Is Trump being investigated for national security concerns under the Espionage Act?
The FBI research of donald trumpit is Mar-a-Lago resort town of Palm Beach, Florida has left supporters and critics of the ex-president wondering why the justice department would take such an unprecedented step.
Adding to the speculation is the DOJ’s complete silence (so far) as well as Mr. Trump’s own refusal to produce a copy of the warrant and publicly show what the stated reasoning for the search was.
One possibility that has begun to be discussed by analysts familiar with presidential record procedures is the possibility that the investigation not only involves a simple violation of the Federal Records Act, but actually focuses on an alleged violation of the Espionage Acta law dating from the First World War, known to fight against the theft of information that could harm national security.
Although the law is generally believed to involve acts of espionage against the United States (hence its name), it also contains a provision that could very well address the situation that occurred at the Mr. Trump’s resort residence: the handling of classified documents related to United States defense policy or capabilities, and the penalties for negligent handling of such files.
The law specifically states that anyone who “grossly negligently permits [such documents] be removed from [their] appropriate place of detention” may be subject to a fine or imprisonment for up to ten years.
That’s where Mar-a-Lago boxes come in. If any of the documents contained in the document were removed from Mr. Trump’s property between his own efforts to return the files earlier this year and Monday’s raid with the United States armed forces or related subjects, the whether their removal and storage in the Palm Beach minimum-security location constitutes gross negligence. Mr. Trump’s properties continue to enjoy Secret Service protection, but the agency’s footprint is minimal when he’s out of town.
There is some evidence supporting the theory that the FBI investigation may involve the Espionage Act: specifically, the involvement of a senior DOJ official in charge of the agency’s counterintelligence division.
The participation of Jay Bratt, head of the counterintelligence and export control (CES) section of the DOJ’s national security team, suggests that the interest of federal authorities may very well extend to the area of threats to the national security. According to CNN, Mr. Bratt allegedly attended the June excursion by DOJ officials to Mar-a-Lago, which preceded Monday’s raid and came as the president has battled for months with the National Archives over documents taken from the White House.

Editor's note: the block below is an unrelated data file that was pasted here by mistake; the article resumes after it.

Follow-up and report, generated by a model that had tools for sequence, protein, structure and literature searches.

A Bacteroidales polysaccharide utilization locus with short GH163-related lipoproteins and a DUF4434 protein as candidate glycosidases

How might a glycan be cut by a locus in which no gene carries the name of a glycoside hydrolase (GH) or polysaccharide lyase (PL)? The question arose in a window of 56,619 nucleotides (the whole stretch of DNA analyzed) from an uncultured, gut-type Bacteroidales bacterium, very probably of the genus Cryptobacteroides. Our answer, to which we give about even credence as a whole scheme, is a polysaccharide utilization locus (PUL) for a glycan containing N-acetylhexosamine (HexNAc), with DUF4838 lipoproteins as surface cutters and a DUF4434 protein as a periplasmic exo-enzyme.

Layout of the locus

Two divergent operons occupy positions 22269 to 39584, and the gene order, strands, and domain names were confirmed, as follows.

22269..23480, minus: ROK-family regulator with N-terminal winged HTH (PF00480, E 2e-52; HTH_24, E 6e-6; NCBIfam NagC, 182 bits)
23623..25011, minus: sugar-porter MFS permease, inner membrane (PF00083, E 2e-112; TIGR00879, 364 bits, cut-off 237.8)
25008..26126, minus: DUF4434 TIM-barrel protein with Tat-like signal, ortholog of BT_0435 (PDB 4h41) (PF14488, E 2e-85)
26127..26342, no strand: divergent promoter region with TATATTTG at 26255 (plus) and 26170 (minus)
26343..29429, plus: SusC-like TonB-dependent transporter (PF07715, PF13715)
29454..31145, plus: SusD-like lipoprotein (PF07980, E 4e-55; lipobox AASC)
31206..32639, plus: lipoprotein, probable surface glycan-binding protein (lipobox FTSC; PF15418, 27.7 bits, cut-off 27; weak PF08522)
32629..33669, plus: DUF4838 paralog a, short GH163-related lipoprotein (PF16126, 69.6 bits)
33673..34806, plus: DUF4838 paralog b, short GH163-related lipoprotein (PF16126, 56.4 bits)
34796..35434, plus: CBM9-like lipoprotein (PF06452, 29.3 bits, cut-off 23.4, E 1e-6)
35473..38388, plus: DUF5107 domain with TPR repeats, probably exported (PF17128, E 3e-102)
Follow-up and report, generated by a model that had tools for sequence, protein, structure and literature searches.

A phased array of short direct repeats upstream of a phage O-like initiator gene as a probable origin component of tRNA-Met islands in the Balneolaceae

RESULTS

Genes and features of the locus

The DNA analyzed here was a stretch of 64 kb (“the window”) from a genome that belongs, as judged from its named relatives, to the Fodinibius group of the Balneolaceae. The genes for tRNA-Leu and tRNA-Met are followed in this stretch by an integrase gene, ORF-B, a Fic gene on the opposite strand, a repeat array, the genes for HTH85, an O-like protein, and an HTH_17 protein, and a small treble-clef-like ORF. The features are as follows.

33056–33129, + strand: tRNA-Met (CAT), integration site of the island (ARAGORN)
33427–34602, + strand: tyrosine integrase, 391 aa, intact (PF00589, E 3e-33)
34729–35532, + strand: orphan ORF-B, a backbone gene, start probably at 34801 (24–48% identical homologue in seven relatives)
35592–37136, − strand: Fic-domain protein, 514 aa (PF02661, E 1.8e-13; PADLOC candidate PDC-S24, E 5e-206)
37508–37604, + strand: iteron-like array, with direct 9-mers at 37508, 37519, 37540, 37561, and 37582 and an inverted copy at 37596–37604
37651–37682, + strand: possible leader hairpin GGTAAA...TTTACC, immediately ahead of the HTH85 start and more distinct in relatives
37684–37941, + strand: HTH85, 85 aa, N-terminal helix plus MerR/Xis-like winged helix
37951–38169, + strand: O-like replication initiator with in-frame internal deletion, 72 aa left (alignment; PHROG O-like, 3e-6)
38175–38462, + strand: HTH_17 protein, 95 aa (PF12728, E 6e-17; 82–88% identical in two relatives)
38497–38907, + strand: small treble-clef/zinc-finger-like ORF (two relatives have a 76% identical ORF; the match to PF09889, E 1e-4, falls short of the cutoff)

At the time, Mr Bratt reportedly examined the area in which the documents were stored. This again suggests that investigators want to determine if they were handled and stored safely with the proper care, or if they were lost, destroyed or even stolen during the removal of the boxes from the White House.
A Justice Department veteran, former National Security Division Chief Mary McCord, suggested the theory was possible during an interview with the Skullduggery podcast this week.
“[T]he fact that we have an attorney from the national security division like Jay Bratt, the head of counterintelligence and export controls, means that we’re talking about national security implications, not just presidential files that are unclassified,” she noted.
Mentioning the Espionage Act, she added that the act “in fact contains provisions which essentially apply to grossly negligent mishandling, allowing documents to be removed from their place, or to be lost, stolen or destroyed”.
At this time, it’s unclear how far the Justice Department’s raid on Mr. Trump’s property will go, and whether it will affect any of the ongoing investigations into Mr. Trump for his conduct after the US election. 2020.
The former president is still under investigation in Georgia for his attempts to push officials there to void the election, and a separate grand jury investigation that recently interviewed a senior Mike Pence official is underway. in Washington, led by the Department of Justice.
The DOJ is unlikely to comment on details of the raid in the coming days, and White House officials said Joe Biden was also not briefed on details of the investigation.